For the world economy to become more decarbonised, renewable power is a key pillar. We anticipate decent renewable power capacity growth in Europe and the US in 2024 and beyond. However, due to vulnerable supply chains, high financing costs, congested grids, and slow permitting, it's not happening fast enough.
Global renewable power deployment: fast but not fast enough
With the cost of renewable energy plummeting over the past two decades and renewable energy transitioning to a more mature market, global renewable power capacity additions have been reaching new records for 22 years in a row, according to the International Energy Agency (IEA). But the pressure is on to deploy renewable energy even faster. Different parts of the global economy, such as the transportation and industrial sectors, need renewable electricity to decarbonise their operations.
That is why, at last year’s COP28, the United Nations’ climate conference, governments agreed to triple global renewable power capacity from roughly 3,600 GW in 2022 to over 11,000 GW in 2030. Doing so can help the world reduce a third of the emissions needed to keep global warming within 1.5 degrees Celsius of increase compared to pre-industrial levels.
The IEA estimates that the world is likely to have over 4,700 GW of renewable capacity by the end of 2024, up from just over 4,100 GW in 2023. Under the currently projected policy and market conditions, global renewable capacity will have increased by 2.5 times by 2030.
This projection shows that while tripling renewable power capacity by 2030 is not completely out of reach, current policies and market conditions are not going to get us there. And when breaking down the data, one can also see that much of the growth will come from China thanks to its supply chain domination, substantially higher investment, and lower financing costs. In this article, however, we focus on two other major economies—Europe and the US—analysing the outlook for the renewables market and what is needed to roll out renewable development faster.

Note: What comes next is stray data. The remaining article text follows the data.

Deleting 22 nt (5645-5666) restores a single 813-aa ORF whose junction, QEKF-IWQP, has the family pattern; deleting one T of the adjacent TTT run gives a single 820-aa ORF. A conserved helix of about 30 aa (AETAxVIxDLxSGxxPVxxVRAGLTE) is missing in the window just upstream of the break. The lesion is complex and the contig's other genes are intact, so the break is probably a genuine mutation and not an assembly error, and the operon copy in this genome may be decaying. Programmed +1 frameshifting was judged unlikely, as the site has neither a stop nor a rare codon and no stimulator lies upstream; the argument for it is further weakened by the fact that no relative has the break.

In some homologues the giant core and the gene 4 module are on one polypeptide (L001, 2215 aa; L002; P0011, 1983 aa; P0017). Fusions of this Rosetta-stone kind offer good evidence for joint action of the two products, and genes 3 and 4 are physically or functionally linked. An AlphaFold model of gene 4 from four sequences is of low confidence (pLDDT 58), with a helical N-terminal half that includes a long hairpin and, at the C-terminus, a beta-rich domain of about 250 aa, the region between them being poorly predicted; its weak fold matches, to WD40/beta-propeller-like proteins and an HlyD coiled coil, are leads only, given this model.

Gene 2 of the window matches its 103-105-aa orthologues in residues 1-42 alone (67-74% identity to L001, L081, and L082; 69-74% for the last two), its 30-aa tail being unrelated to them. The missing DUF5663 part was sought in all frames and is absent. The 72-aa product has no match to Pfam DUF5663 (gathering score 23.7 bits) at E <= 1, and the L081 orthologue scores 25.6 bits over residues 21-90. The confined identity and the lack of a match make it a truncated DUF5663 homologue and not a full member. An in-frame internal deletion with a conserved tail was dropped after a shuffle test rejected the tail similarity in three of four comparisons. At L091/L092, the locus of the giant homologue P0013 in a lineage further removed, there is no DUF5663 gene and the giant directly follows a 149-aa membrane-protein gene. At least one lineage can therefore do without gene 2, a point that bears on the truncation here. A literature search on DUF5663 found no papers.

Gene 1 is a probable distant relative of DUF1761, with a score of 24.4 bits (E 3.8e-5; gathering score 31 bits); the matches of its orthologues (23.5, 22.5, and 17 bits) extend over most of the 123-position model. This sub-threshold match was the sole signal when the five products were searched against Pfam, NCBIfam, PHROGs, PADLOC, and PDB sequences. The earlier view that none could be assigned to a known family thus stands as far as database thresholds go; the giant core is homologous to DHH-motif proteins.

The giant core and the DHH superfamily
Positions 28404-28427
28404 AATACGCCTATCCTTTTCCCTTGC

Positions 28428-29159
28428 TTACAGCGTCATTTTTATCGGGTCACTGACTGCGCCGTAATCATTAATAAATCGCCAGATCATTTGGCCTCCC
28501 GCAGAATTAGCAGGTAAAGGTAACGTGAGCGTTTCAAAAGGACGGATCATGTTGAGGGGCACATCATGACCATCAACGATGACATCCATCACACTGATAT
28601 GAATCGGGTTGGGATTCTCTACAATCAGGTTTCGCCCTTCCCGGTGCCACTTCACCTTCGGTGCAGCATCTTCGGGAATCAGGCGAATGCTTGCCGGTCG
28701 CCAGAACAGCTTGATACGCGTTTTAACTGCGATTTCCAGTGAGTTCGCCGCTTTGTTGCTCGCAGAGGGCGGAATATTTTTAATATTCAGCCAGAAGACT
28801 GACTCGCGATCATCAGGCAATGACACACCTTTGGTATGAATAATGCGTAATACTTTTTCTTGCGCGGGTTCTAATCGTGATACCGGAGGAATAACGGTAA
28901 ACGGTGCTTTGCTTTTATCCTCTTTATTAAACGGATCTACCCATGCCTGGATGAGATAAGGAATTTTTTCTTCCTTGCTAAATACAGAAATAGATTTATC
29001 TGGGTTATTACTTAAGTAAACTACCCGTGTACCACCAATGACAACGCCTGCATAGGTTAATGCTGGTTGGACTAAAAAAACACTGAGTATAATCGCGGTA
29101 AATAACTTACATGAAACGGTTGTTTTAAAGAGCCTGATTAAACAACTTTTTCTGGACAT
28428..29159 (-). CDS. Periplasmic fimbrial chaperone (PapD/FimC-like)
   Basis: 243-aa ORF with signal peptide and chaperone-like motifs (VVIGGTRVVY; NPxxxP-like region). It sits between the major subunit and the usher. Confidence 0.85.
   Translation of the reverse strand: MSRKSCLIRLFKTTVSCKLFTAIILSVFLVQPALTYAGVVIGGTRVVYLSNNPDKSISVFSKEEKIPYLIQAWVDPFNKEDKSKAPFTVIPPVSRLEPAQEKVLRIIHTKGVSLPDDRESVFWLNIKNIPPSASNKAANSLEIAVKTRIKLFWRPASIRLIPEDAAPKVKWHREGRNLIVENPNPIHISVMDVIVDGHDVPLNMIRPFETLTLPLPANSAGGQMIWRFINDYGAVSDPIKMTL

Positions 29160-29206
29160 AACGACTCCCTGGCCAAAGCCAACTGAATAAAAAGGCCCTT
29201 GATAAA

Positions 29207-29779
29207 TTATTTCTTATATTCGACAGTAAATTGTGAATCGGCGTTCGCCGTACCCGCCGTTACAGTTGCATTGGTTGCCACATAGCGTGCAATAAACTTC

Europe and US: a better outlook for solar than wind
We expect a decent renewable power growth rate in the US in 2024. Specifically, the US Energy Information Administration (EIA) expects solar to be the main driver of growth in power generation this year, with its contribution to the power mix rising from 4% in 2023 to 6% in 2024. This contrasts with coal-fired power generation in America, which is forecast to drop by 9% this year because of comparatively higher costs and scheduled coal-fired power plant retirement plans. Wind power, on the other hand, has been more subject to challenges such as higher financing costs and supply chain disruptions and, therefore, will see a short-to-medium cool-down period.
Putting it together, solar and wind power in the US is expected to account for 17% of US electricity generation in 2024, up from 15% in 2023, which indicates a continuously growing renewable power market, albeit at a rather moderate rate. In the medium term, between 2023 and 2028, the US will likely add 340 GW of new renewable capacity, with solar being the main source of growth.
Europe, with a more comprehensive policy framework and a stronger need to transition away structurally from being dependent on Russian natural gas, is further along in solar and wind power deployment. According to Eurostat, in 2022, the EU already generated 15% of its electricity from wind power and 7% from solar power, together accounting for 22% of the generation mix. Solar generation grew the most between 2008 and 2022 and will remain the strongest driver for the 532 GW of anticipated renewable capacity additions between 2023 and 2028. Wind power is still expected to grow in the next few years, but the outlook for growth rates has weakened. To a lesser extent, wind power in Europe is also experiencing concerns over project financial performances and permitting complexities.
To learn more about why renewable power is a key pillar to decarbonising the world economy, you can access the full report here.